Erythronium propullans (Dwarf Trout Lily)

Plant Info
Also known as: Minnesota Dwarf Trout Lily, Minnesota Fawnlily, Minnesota Adder's-tongue
Genus:Erythronium
Family:Liliaceae (Lily)
Life cycle:perennial
Origin:native
Status:
  • Federally Endangered
  • State Endangered
Habitat:part shade, shade; rich woods
Bloom season:April - May
Plant height:3 to 4 inches
Wetland Indicator Status:none
MN county distribution (click map to enlarge):Minnesota county distribution map
National distribution (click map to enlarge):National distribution map

Pick an image for a larger view. See the glossary for icon descriptions.

Detailed Information

Flower: Flower shape: 4-petals

[photo of flower] A single, nodding flower at the end of a stiff naked stalk 1½ to 4¾ inches (4 to 12 cm) long. Flowers have 4 to 6 lance-elliptic tepals (petals with similar sepals), 4 or 5 being common, averaging ½ inch (8 to 15 mm) long, white to pinkish usually tinged purplish on the outer surface. In the center are 2 to 6 stamens of varying lengths with bright yellow tips (anthers). Flowers open in the morning, the tepals flaring out and back, and close up at night.

Leaves: Leaf attachment: basal Leaf type: simple

[photo of leaves] Leaves are all basal, flowering plants with a pair of leaves and non-flowering plants with one. Leaves are lance-elliptic to oval to egg-shaped, 1½ to 5 inches (to 13 cm) long, to ¾ inch wide, toothless, hairless, tapering at both ends, on a slender stalk that arises from an underground bulb, most bulbs not producing flowers. Color is blue-green irregularly mottled with purplish brown, the mottling typically fading with age.

Fruit: Fruit type: capsule/pod

Fruit is very rarely produced. Plants primarily spread vegetatively through stolons (horizontal stems) buried just below the surface.

Notes:

Dwarf Trout Lily is endemic to 3 counties in southern Minnesota—it grows nowhere else on earth, though it was transplanted at Eloise Butler Wildflower Garden in Minneapolis and the UM Arboretum in Carver County. Many people have reported finding Dwarf Trout Lily in other locations, but it invariably turns out to be the related and much more common White Trout Lily (Erythronium albidum), with which it often grows side by side and sometimes hybridizes and may produce fruit. When not flowering, the Dwarf is not easily distinguished from other trout lilies, though the leaves are slightly smaller than those of the average White Trout Lily. When in bloom, the flower size difference is unmistakable, plus the Dwarf commonly has only 4 or 5 tepals where the larger White always has 6. The Dwarf also has relatively small anthers on its 2 to 6 stamens, where the larger White has 6 stamens with distinctly long, prominent anthers.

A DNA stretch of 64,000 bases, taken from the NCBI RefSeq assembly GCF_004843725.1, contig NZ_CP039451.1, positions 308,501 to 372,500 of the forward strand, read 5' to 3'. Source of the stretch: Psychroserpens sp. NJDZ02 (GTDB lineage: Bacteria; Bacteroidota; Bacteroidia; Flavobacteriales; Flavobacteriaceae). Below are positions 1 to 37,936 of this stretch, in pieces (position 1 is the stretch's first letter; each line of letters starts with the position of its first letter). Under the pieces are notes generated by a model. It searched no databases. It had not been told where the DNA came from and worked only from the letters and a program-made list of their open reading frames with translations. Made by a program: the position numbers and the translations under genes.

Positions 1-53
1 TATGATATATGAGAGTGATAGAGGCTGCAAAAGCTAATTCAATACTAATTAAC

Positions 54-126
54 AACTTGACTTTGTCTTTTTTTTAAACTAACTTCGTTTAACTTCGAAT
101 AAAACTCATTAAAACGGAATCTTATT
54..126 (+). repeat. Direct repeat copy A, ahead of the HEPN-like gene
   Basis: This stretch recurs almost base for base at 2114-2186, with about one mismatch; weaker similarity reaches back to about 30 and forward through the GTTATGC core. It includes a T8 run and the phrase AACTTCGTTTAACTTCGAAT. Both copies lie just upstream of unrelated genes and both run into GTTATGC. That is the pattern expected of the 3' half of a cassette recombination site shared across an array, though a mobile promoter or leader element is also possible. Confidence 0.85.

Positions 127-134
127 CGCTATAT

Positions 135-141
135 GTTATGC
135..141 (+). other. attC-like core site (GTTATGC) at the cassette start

According to the DNR, is thought by some that Dwarf Trout Lily is a White Trout Lily that mutated when the last glacier came through the area. It was listed as a Minnesota State Endangered species in 1984 and Federally Endangered in 1986.

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More photos

Photos by K. Chayka taken at Nerstrand Big Woods State Park, Rice County. Photos by Peter M. Dziuk taken at Eloise Butler Wildflower Garden, Minneapolis. Other photos courtesy Tony Ernst.

Comments

Have you seen this plant in Minnesota, or have any other comments about it?

Posted by: Jacqui - Jefferson Lake, LeSeuer county
on: 2009-08-16 19:07:14

We have the honor of seeing this flower every spring at our lake cabin on Jefferson Lake (middle) in LeSeuer County along with Dutchmen's britches. We may eventually build on this spot and I am interested in finding out how to relocate these delicate plants to a safer spot on our land. Any suggestions??

Posted by: K Chayka
on: 2009-08-16 21:44:42